Saskatchewan
    Posts
    492
    Oh my
    Oh my GOODNESS!

    Experience does cost money!

    I am not sure many of us do wood here. I suspect a few guys do tin cans and candles though!

  3. #3
    Join Date
    Aug 2004
    Location
    S.E. Pa
    Posts
    6,050

    Lightbulb close call

    1- Glad everyone is alive!
    2- What area do you live in?
    3-an *insert* is tested and listed to be *inserted* into an existing fireplace. It sounds like you cut a hole in the side of the house then shoved an insert stove into the wall. Is this correct? You need to refer to your building codes for how to construct a proper masonry fireplace. Then you would need a listed chimney liner with the requisite insulation.
    4-That term "zero clearance" should be eradicated from our lexicon. It is extemely misleading as you found out. On listed factory built fireplaces the only place it has a 'zero clearance' is to the floor under it.
    5- I recommend you return that insert to whomever you bought it from and buy a listed factory built fireplace/ stove hybrid. If they give you any flack, you can sue them for selling you something without instruction that almost killed you. It's called the Implied Warranty of Fitness for a Particular Purpose.
    6- Hire a pro to guide you in product selection and installation.

    Hearthman

  4. #4
    Join Date
    May 2005
    Location
    Madison, WI
    Posts
    1,078
    Wow...

    Please get a fireplace pro in there to straighten this mess out. You are lucky to be alive.

    http://www.harmanstoves.com/products...rts&f=EXCWBINS

    Install manual is listed there. You should read it and you will understand why the install was soooo not right.

    Its possibly could be called a "zero clearance" insert because it can be installed INTO a prefab "zero clearance" open wood fireplace, which does not really have zero clearance all the way around, as hearthman explained.

  5. #5
    Join Date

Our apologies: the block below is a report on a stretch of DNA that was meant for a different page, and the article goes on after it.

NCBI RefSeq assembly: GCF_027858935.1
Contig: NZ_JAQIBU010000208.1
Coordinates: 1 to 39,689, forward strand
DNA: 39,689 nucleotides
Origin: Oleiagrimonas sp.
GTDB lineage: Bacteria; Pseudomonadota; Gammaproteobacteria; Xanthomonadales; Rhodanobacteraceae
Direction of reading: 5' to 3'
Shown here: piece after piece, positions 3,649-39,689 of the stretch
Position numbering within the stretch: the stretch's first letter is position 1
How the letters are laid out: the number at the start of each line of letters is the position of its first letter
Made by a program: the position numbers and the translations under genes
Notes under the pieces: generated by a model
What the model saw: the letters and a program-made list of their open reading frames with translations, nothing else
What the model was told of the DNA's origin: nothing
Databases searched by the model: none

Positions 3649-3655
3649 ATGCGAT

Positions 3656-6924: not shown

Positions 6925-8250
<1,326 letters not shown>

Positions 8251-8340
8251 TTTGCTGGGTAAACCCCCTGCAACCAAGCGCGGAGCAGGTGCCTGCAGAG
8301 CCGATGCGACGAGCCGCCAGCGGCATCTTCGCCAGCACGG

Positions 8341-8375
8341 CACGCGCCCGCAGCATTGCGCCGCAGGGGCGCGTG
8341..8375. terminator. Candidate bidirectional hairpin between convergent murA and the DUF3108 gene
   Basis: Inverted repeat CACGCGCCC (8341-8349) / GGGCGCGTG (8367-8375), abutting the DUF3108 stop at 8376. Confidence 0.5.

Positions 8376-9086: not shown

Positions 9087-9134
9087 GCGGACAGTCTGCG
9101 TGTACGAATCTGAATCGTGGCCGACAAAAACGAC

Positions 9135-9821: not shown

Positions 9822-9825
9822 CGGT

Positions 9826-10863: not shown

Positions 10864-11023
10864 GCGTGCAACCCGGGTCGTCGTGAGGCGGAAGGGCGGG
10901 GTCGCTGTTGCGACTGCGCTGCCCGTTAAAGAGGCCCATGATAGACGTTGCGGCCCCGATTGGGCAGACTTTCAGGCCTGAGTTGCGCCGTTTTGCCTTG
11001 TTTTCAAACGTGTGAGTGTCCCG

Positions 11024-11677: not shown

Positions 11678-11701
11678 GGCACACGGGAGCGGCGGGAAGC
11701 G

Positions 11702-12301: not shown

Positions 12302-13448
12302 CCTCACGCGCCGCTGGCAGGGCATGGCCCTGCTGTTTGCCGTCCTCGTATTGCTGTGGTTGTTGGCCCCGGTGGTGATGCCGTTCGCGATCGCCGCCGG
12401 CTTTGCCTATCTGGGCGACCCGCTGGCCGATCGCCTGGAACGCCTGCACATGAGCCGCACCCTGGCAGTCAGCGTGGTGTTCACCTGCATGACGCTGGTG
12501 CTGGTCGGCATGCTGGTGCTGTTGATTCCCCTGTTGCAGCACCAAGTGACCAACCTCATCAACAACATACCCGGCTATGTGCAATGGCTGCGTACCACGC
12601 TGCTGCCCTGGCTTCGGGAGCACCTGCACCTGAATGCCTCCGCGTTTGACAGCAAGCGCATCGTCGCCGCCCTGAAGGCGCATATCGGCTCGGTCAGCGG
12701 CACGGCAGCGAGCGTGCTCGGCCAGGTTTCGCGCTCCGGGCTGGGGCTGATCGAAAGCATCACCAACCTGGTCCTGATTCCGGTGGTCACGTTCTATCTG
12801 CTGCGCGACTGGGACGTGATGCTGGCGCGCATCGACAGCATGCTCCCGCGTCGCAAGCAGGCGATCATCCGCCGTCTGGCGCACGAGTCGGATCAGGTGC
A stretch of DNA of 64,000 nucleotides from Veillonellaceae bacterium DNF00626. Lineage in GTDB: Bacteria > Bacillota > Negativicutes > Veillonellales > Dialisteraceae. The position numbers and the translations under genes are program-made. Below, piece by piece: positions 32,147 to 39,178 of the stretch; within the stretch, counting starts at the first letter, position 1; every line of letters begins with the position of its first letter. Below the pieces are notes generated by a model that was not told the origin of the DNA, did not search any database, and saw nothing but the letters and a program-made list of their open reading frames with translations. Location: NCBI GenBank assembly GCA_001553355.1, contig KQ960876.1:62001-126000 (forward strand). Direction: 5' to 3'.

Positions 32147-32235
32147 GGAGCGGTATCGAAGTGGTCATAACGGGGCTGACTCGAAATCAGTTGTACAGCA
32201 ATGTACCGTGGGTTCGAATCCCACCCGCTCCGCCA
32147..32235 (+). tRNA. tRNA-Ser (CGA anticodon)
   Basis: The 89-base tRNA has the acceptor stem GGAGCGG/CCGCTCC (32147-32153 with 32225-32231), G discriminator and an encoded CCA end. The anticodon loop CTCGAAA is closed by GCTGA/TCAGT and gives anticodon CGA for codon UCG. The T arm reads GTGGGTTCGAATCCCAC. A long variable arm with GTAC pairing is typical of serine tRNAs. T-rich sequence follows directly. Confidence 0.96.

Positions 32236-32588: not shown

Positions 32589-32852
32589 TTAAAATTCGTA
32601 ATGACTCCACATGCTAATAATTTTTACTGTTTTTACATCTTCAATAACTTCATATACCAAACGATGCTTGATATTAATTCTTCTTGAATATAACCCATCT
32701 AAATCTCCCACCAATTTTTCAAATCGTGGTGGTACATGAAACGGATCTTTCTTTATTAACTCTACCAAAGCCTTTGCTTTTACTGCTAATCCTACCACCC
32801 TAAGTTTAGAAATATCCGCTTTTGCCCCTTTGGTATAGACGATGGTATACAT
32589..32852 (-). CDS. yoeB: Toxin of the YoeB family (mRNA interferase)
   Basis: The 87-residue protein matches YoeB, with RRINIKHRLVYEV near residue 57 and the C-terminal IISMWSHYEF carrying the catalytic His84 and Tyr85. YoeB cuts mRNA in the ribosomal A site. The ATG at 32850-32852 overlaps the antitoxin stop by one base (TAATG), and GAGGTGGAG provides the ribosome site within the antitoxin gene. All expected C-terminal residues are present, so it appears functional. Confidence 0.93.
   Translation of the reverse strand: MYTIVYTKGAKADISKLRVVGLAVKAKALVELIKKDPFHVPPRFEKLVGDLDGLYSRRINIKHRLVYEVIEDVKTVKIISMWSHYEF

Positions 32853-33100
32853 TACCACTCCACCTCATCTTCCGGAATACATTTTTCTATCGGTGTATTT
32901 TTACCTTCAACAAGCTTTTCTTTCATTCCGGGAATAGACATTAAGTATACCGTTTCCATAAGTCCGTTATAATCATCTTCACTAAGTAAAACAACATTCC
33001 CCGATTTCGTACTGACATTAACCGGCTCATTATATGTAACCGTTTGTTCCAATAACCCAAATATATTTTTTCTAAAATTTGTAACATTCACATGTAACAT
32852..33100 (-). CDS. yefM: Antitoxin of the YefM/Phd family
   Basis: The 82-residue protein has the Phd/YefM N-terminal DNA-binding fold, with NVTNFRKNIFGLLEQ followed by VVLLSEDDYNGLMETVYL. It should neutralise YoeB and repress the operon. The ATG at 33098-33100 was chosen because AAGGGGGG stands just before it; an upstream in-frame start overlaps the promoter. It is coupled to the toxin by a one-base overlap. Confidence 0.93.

Jul 2006
    Location
    Virginia
    Posts
    390
    I am glad that everyone is ok. Time for new smoke detectors too !!!

    Thanks for sharing your story with us. It is definitely time for a professional to sell and install a stove made for your application.

    Moderators, can we make this a sticky shown to anyone posting to the fireplace forum that has less than 20 posts?

  6. #6
    Join Date
    Aug 2004
    Location
    S.E. Pa
    Posts
    6,050

    Thumbs down inserts into factory built fireplace dilemma

    Ok, since the crux of this discussion centers around the use of that God awful term "zero clearance" please follow me on this:

    The customer reports their selection of this appliance was because it was rated or approved for a "zero clearance" application.

    The manual actually discusses installing one into a "zero clearance" factory built fireplace.

    So, what is missing here? I went onto the website, read the brochure and installation instructions. Nowhere does it specifically state that this stove is approved ONLY for use inside an existing fireplace. It does not specify you must already have a fireplace to shove it into. Moreover, it fails to instruct and warn the buyer they should have a qualfied professional perform a Level II inspection per NFPA 211 before installation. The only place it mentions code approval is that the masonry chimney and fireplace or "zero clearance" fireplace must be *code approved*. What it should have said was the chimney and fireplace should be inspected per 211 and found suitable for this application with certain specific requirements such as a full length direct connected listed liner with the requisite insulation for a zero clearance btw the combustibles and the outside of the chimney. It should NEVER so much as suggest it is ok to install a woodstove insert into ANY brand or model factory built fireplace-period!

    The stove's installation instructions tell you the fireplace must be code approved yet the second you start doing a Vega-matic on it to make room for the stove, it ceases to be a listed appliance and thus voids the warranty, listing and is thereby no longer "code approved". Hence it is impossible to install this stove into a factory built fireplace on those grounds alone. Moreoever, there are no liners listed for use inside a factory chimney, which would thus again violate the code. The instructions tell you to use a rain cap and top plate on the liner but these would block the cooling system of the chimney/ fireplace and void the warranty/ listing.